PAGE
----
A health worker helping COVID-19 patients in Madhya Pradesh's Sagar district fell unconscious while carrying out his duties, but was left by the side of the road for nearly 25 minutes in 44 degree Celsius heat before being transported to the hospital.
Hiralal Prajapati, a health worker attached to the 108 ambulance service, passed out at around 2 pm on Wednesday, after helping transport coronavirus positive people from the TB Hospital to Bundelkhand Medical College (BMC),
According to local reports, Mr Prajapti, who was wearing a full-body PPE (personal protective equipment) in searing heat, collapsed near the BMC facility, but was left on the ground for nearly half an hour as his colleague, the ambulance driver, pleaded with BMC authorities to admit him.
Eventually, after BMC refused to take care of the health worker, he was taken by other paramedical staff, in his own ambulance, to the district hospital, where he was treated. Mr Prajapati has recovered and is in stable condition now.
Madhya Pradesh has reported over 7,000 COVID-19 cases so far, with 313 deaths linked to the infectious virus.
Indore city in the state is one of the worst affected urban areas in the country, with over 3,000 cases reported from there alone; 78 new cases were detected on Wednesday, according to Chief Medical Officer Praveen Jadia.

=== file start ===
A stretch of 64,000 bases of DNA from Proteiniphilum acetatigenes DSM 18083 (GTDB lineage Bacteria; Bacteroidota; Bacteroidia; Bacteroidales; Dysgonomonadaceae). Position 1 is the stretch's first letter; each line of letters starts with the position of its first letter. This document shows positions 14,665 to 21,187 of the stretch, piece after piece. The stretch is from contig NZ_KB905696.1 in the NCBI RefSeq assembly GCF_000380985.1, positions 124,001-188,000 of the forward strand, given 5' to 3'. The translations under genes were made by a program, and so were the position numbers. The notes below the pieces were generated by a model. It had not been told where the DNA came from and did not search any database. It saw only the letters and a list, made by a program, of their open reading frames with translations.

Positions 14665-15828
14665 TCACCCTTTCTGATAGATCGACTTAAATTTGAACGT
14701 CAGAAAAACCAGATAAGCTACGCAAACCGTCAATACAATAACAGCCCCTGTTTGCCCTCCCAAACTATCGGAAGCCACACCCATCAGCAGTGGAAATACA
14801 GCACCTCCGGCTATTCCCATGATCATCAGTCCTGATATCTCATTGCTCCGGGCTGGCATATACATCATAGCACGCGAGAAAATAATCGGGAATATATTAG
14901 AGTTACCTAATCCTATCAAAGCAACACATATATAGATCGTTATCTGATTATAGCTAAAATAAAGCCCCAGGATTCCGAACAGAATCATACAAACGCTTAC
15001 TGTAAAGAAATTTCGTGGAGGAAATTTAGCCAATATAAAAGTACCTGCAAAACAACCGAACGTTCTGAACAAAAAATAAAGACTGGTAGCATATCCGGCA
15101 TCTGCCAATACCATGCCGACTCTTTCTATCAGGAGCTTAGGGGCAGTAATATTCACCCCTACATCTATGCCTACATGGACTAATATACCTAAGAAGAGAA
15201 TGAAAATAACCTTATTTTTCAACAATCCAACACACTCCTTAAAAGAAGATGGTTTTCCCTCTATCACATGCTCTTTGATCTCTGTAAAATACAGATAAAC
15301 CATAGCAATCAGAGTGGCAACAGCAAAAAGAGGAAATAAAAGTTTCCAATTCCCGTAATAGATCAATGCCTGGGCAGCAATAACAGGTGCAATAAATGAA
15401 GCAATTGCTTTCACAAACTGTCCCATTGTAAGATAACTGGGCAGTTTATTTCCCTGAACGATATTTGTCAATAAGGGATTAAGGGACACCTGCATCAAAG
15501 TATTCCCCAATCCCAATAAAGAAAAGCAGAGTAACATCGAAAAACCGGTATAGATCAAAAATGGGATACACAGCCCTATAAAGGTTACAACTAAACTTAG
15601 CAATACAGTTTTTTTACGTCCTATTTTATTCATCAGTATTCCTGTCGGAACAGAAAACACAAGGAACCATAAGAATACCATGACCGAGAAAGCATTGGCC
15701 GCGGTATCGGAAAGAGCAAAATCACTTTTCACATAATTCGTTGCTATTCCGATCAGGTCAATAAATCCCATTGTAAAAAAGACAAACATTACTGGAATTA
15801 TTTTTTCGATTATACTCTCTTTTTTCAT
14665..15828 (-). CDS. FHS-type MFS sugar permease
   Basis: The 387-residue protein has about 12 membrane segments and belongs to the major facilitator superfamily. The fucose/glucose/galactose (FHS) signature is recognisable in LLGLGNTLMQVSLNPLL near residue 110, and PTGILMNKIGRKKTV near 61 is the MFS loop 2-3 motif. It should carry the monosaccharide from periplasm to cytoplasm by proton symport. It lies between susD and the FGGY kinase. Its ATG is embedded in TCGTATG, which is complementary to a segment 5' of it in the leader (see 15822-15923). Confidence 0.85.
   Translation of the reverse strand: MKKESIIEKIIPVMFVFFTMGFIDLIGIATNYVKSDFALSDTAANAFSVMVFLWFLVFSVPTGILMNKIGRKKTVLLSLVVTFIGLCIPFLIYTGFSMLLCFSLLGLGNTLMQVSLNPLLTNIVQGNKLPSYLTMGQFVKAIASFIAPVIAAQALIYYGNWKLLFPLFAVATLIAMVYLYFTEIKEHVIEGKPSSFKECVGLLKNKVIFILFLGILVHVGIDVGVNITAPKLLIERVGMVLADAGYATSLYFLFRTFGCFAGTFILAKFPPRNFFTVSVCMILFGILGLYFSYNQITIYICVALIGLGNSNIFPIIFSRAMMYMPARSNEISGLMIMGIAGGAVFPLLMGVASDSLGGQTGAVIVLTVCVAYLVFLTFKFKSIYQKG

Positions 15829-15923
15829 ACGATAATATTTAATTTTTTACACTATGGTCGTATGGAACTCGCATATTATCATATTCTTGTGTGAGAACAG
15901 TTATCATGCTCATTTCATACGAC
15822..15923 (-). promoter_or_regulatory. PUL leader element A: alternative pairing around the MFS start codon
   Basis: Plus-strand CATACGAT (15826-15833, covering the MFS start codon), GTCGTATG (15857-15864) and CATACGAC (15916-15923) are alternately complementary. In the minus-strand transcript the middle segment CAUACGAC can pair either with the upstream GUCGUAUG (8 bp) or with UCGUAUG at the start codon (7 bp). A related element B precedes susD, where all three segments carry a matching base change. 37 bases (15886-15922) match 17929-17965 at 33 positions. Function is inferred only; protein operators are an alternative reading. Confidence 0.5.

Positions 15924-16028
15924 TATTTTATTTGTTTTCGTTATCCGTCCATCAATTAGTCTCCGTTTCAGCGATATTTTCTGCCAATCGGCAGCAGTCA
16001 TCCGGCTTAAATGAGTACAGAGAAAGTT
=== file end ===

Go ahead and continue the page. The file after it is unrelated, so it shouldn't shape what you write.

In an order issued yesterday, the government decided to impose an Rs 2,000 fine on those violating home quarantine. The state health department also said that those found violating rules for a second time would be forced into institutional quarantine.
Meanwhile, apart from battling the virus outbreak, the Madhya Pradesh administration is also facing the threat of locusts attacking and destroying standing crops.
Farmers in the Budhni and Nasrullaganj areas of Sehore district were seen beating utensils, as advised by the agriculture department, to drive away locusts.
A large swarm of locusts entered Rajasthan, Punjab, Haryana, Uttar Pradesh and Madhya Pradesh last week. Experts have said that if these are not controlled soon, they could destroy cereal crop worth around Rs 8,000 crore.